Interview with Dan Misch, Founder & Co-Director of the Veterans Advanced Energy Project (VAEP)

Interview with Dan Misch, Founder & Co-Director of the Veterans Advanced Energy Project (VAEP)

Did you know that veterans are 39% more likely to be promoted earlier & 160% more likely to have a graduate degree or higher than nonveterans? Yet one third of veterans remain underemployed. I spoke w/Dan Misch, Founder & Co-Director of the Veterans Advanced Energy Project (VAEP) & Senior Manager of Wind Asset Management at Invenergy LLC, who has made it his mission to ensure the 200,000+ military members who separate from the service every year can seamlessly transition into other purpose-driven industries like clean energy. 


Catherine: I’m Catherine McLean, Founder and CEO of Dylan Green, and today I have with me Dan Misch. Welcome Dan!

Dan: Thank you!

Catherine: Dan is joining us from Chicago, and he is the founder and Co-Director of Veterans Advanced Energy Project. Tell us a little bit about yourself, Dan, and your background.

Dan: Sure, I am a Senior Manager at Invenergy, in the asset management group, working on build transfer projects that are currently under construction. I’ve been there since January this year, so relatively new.  I came to that job from the Federal government, where I worked as a Project Manager at National Laboratories working on major investments by the federal government in infrastructure, and major scientific equipment. All of which is sort of building on my experience as a Navy Lieutenant and Nuclear Engineer in the submarine service. 

Catherine: Interesting, can you tell us a little bit about what Vets Energy Project does? 

Dan: Yeah, I started the Vets Energy Project in 2016. It was part of a non-profit competition with a non-partisan non-profit called the Atlantic Council, they were giving away $20,000 for new ideas to get military veterans engaged in international policy and to specifically elevate the voices of post 9-11 veterans. So, I had been to a training, through the Department of Energy with the Foreign Service Institute, that educates Foriegn Service Officers on energy issues before they go out all over the world and have to deal with energy issues that they might not know that much about. It was a week-long crash course in energy markets, the fundamentals of diplomacy and policy, and it was really eye opening for me in that even though I had already made the transition out of the Navy and nuclear and into clean technology in National Laboratories, to see everything from the big picture, as a global view. I thought that would be really interesting to educate other military veterans that might not know as much about it, that are getting out of the service, to give them a sense of how careers in energy could really help them continue service to country and make them feel good about the career choices that they were making. We did a pilot of the program, it was a seminar with like 45 people, here in Chicago, in December so it was very cold, I’m glad people came! It was very successful. We were able to get a number of partners like the State Department and the University of Illinois at Chicago, Invenergy where I am currently employed, all signed on. We did it again in 2018. Then last year, the Atlantic Council came back and was very interested in what we were doing. They took it from the seminar classroom concept and made it into a summit with over 200 people in attendance. This year we had to go virtual, like everybody else! There were some advantages to that, we were able to get more diverse speakers that we may not have otherwise been able to get all in the same room. We also launched a fellowship, a year-long leadership development program for a highly competitive selective group of future military veteran leaders in the energy industry that we can dedicate a little more time and resources to their development.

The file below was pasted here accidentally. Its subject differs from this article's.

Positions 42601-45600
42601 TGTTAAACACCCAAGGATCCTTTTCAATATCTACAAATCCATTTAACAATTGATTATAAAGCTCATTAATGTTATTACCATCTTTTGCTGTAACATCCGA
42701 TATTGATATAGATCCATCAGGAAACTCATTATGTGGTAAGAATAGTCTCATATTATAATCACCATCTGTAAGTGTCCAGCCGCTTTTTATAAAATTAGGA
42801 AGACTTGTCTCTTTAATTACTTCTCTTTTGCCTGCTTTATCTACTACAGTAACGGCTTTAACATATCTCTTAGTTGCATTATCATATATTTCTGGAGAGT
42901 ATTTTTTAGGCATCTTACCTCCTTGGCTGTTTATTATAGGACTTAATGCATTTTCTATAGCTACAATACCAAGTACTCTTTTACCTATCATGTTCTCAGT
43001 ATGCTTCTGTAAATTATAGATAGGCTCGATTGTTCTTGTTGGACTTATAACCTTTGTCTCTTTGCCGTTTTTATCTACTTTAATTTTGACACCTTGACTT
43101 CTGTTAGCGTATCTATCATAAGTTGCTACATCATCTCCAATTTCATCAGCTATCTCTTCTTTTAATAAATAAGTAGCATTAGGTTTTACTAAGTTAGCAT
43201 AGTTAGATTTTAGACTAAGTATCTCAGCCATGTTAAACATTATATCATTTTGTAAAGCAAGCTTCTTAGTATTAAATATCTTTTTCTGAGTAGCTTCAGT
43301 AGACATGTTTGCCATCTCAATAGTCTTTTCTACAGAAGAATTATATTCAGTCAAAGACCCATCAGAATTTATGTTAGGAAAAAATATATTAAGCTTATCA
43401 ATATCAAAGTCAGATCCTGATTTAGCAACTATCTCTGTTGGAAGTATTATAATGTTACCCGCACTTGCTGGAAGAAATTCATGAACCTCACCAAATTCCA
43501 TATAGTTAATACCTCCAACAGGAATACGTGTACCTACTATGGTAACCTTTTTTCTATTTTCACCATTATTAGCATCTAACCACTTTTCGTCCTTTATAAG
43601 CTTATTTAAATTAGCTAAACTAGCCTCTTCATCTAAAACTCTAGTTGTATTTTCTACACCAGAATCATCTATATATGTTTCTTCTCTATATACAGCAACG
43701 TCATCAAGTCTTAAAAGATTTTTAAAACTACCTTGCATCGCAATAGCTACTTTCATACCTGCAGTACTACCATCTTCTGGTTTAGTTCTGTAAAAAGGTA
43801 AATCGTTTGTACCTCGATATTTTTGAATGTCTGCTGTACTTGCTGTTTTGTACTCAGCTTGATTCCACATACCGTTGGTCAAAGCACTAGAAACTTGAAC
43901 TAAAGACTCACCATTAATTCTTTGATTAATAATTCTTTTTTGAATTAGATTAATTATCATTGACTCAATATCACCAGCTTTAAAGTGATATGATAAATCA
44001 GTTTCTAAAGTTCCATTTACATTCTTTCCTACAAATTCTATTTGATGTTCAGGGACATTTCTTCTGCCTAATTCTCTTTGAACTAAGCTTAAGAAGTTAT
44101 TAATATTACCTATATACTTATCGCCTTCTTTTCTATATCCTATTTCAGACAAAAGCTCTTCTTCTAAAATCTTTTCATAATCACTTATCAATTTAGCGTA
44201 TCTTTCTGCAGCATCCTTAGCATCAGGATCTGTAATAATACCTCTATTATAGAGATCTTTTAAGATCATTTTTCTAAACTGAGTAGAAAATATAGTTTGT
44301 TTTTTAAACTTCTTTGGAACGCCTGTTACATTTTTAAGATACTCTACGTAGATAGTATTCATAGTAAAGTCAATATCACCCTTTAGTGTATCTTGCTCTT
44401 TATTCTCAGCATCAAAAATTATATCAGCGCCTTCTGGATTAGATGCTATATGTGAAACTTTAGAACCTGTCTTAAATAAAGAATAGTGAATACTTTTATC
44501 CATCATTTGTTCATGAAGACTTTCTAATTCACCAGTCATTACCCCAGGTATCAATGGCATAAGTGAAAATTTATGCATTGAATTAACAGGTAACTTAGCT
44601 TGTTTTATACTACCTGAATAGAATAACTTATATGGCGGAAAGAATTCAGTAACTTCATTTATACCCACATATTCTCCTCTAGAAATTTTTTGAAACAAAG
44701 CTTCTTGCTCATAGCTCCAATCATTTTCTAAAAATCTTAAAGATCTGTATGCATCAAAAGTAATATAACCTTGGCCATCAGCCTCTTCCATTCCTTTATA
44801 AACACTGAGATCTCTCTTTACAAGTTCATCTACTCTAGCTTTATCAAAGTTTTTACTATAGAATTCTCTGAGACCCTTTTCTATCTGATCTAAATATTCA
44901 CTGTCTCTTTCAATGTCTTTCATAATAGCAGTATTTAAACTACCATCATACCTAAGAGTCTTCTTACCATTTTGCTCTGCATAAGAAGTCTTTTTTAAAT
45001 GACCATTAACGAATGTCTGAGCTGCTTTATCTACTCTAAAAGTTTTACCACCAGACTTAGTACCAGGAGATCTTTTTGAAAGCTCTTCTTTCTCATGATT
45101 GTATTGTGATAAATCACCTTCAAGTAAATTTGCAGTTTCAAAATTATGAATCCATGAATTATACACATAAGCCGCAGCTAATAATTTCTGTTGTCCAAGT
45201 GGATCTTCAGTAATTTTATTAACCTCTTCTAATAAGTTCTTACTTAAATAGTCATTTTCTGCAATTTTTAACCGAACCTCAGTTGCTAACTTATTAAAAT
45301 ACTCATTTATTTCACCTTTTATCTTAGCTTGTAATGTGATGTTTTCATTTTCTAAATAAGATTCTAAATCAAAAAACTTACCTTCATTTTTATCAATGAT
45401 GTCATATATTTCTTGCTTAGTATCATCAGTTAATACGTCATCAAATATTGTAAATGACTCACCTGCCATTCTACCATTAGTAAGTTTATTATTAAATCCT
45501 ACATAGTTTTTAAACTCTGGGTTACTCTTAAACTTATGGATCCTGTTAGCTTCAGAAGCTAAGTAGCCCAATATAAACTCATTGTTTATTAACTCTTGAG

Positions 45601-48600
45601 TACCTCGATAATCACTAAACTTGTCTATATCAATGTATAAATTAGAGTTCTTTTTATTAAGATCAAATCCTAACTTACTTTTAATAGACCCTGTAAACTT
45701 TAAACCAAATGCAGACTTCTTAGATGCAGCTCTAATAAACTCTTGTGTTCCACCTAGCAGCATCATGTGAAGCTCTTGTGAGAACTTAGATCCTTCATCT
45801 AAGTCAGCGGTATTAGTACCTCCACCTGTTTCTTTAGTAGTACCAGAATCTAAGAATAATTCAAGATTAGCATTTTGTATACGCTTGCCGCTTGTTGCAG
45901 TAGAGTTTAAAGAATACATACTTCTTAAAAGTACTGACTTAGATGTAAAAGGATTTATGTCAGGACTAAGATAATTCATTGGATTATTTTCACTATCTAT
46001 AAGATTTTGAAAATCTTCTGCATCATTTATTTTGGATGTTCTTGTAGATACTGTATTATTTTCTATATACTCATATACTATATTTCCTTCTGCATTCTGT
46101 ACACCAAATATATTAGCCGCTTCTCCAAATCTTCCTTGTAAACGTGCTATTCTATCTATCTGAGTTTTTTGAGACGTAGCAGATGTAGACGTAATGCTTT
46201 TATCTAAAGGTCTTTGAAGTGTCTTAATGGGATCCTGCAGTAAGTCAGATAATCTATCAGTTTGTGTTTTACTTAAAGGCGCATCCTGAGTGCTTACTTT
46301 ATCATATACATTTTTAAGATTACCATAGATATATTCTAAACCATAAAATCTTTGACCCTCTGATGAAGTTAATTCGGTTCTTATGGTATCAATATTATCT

Catherine: That sounds great. I want to talk a bit about why it was created. Can you go into some background in how you decided to start this Veterans Advanced Energy Project? 

Dan: Yeah, my transition from the military to civilian career was not easy. I had not really put a whole lot of thought into what I was going to do after I left the military. I probably thought I was going to go work in the nuclear energy industry as a nuclear engineer, a lot of my friends and colleagues had gone to do the same. I was interviewing with places like the Nuclear Regulatory Commission or Exelon, but then, it was 2012, so Climate Change was at the forefront of the presidential debates at that time. I didn’t understand so much about it, and especially about the connection with national security. I happened to be at the right place at the right time because getting the job that I had at the National Laboratories in Argonne, here in Chicago, really opened my eyes. First hand, the investments that we are making into the next generation of clean energy technology that we are going to need to mitigate the worst effects of Climate Change. That mission alignment, that sense of purpose and belonging, really made me feel good about what I was doing. I might not have liked my job every day but I loved what I did. I have plenty of friends and know other veterans who get out in a similar situation where they just don’t know what to do, maybe they work in a job, I think you can see that veterans are more likely to change jobs in their first 1 or 2 years than their civilian counterparts, helping those veterans connect with their mission is really important. 

Catherine: I think that’s so right, isn’t it? It’s just about mission, having a mission-based job is so important if you’re used to having that in the military.